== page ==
To be successful, many of these new compositions will require intermediate ceramic coating layers and improved bond coats. The Amdry 386 family of bond coats (NiCoCrAlSiHfY) is another family of Oerlikon Metco products that show excellent performance as a TBC bond coat. Materials can be applied by atmospheric plasma spray, controlled-atmosphere plasma spray, or high-velocity oxyfuel spray (HVOF).

TBC powders are made of the ceramic material zirconia and stabilised with yttria (YSZ). Oerlikon applies two types of manufacturing procedures for blending and fusing the components of the TBC powder: agglomeration and plasma densification. These powders are best for standard porosity, high-deposit-efficiency applications. With agglomeration and sintering, these powders are best for high-porosity, thick TBC coatings.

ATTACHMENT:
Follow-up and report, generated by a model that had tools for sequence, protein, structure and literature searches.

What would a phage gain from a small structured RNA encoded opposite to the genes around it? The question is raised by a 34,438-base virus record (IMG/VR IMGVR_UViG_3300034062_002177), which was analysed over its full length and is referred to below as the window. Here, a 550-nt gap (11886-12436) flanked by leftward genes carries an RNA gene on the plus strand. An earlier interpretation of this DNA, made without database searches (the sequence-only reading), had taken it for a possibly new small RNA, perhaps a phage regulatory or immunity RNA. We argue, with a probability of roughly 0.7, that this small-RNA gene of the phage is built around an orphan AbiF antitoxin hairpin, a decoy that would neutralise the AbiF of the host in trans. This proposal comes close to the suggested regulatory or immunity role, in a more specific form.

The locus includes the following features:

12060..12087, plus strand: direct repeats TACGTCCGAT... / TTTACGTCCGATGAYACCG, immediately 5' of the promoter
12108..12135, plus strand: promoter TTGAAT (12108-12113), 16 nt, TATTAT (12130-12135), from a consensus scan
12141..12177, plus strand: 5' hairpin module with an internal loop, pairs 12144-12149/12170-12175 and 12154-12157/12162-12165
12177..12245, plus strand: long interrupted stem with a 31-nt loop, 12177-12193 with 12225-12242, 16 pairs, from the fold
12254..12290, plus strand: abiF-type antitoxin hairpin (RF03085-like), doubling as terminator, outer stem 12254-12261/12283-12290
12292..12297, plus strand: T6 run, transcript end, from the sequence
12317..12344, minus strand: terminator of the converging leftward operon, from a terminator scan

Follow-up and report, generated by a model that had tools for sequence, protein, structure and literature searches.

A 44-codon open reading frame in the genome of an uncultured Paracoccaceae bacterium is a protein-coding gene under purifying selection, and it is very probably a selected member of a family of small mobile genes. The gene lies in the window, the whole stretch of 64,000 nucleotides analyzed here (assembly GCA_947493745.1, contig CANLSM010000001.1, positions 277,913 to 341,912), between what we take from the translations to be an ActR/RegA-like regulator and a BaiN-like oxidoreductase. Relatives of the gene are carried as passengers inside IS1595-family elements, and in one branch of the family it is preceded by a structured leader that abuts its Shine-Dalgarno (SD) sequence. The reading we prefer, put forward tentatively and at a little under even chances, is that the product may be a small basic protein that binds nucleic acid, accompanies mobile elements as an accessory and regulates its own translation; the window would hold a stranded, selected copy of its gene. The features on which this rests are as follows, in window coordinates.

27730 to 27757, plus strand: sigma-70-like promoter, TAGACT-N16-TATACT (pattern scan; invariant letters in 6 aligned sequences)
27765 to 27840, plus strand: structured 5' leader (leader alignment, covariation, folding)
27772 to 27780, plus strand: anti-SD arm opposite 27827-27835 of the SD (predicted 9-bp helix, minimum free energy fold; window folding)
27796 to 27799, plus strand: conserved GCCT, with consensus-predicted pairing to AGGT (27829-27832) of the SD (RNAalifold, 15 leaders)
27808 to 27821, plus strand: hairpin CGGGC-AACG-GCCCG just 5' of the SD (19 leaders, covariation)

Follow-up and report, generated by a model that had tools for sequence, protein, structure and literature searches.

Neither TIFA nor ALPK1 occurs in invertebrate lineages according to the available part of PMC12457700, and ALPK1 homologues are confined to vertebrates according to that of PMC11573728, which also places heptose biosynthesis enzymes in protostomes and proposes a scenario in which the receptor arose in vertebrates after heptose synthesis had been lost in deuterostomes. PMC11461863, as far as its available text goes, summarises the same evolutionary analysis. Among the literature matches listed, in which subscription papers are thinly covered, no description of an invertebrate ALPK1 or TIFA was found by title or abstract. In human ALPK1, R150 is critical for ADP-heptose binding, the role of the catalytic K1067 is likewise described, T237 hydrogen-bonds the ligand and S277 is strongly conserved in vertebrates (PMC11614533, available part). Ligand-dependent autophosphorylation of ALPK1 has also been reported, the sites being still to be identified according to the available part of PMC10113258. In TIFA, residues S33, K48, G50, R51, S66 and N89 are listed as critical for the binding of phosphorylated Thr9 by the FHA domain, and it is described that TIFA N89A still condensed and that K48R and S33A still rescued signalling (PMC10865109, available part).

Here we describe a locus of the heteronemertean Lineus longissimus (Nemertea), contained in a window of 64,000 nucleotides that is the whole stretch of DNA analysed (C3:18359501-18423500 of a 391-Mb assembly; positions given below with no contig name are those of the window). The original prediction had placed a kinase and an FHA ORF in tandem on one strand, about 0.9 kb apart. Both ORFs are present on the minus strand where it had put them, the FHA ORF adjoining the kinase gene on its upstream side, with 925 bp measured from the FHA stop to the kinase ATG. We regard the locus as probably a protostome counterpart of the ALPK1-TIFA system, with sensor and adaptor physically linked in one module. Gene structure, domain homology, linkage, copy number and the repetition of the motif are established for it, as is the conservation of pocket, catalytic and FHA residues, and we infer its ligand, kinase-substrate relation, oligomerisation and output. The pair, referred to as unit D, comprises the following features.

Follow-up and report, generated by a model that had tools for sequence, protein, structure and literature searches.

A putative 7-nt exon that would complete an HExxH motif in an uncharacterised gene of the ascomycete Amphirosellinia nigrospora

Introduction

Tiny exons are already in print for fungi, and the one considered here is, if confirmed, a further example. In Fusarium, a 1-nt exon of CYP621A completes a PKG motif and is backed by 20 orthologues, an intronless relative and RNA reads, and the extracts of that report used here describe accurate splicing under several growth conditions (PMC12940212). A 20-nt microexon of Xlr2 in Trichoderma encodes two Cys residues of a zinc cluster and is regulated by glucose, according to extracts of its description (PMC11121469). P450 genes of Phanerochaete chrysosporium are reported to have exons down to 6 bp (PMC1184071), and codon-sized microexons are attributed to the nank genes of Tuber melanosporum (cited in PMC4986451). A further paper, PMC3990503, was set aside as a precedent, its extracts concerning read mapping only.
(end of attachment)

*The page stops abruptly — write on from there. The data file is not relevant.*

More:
The aircraft industry benefits from coatings through reduced cost of ownership, longer component life, improved engine efficiency, fuel savings, and lower emissions

Advances in applications

Cascading-arc technology for plasma spray guns is a proven method for reducing TBC system application costs. The Oerlikon Metco TriplexPro – 210 spray gun is said to apply coatings as much as 300% more efficiently than traditional plasma spray guns, saving both time and cost. Furthermore, the inherent process stability of the TriplexPro-210 reduces both run-to-run variation and coating variability on individually coated components. This translates to more reliable TBC coatings and more predictable service life. Other plasma systems using this cascading-arc concept are those using the SinplexPro spray gun technology.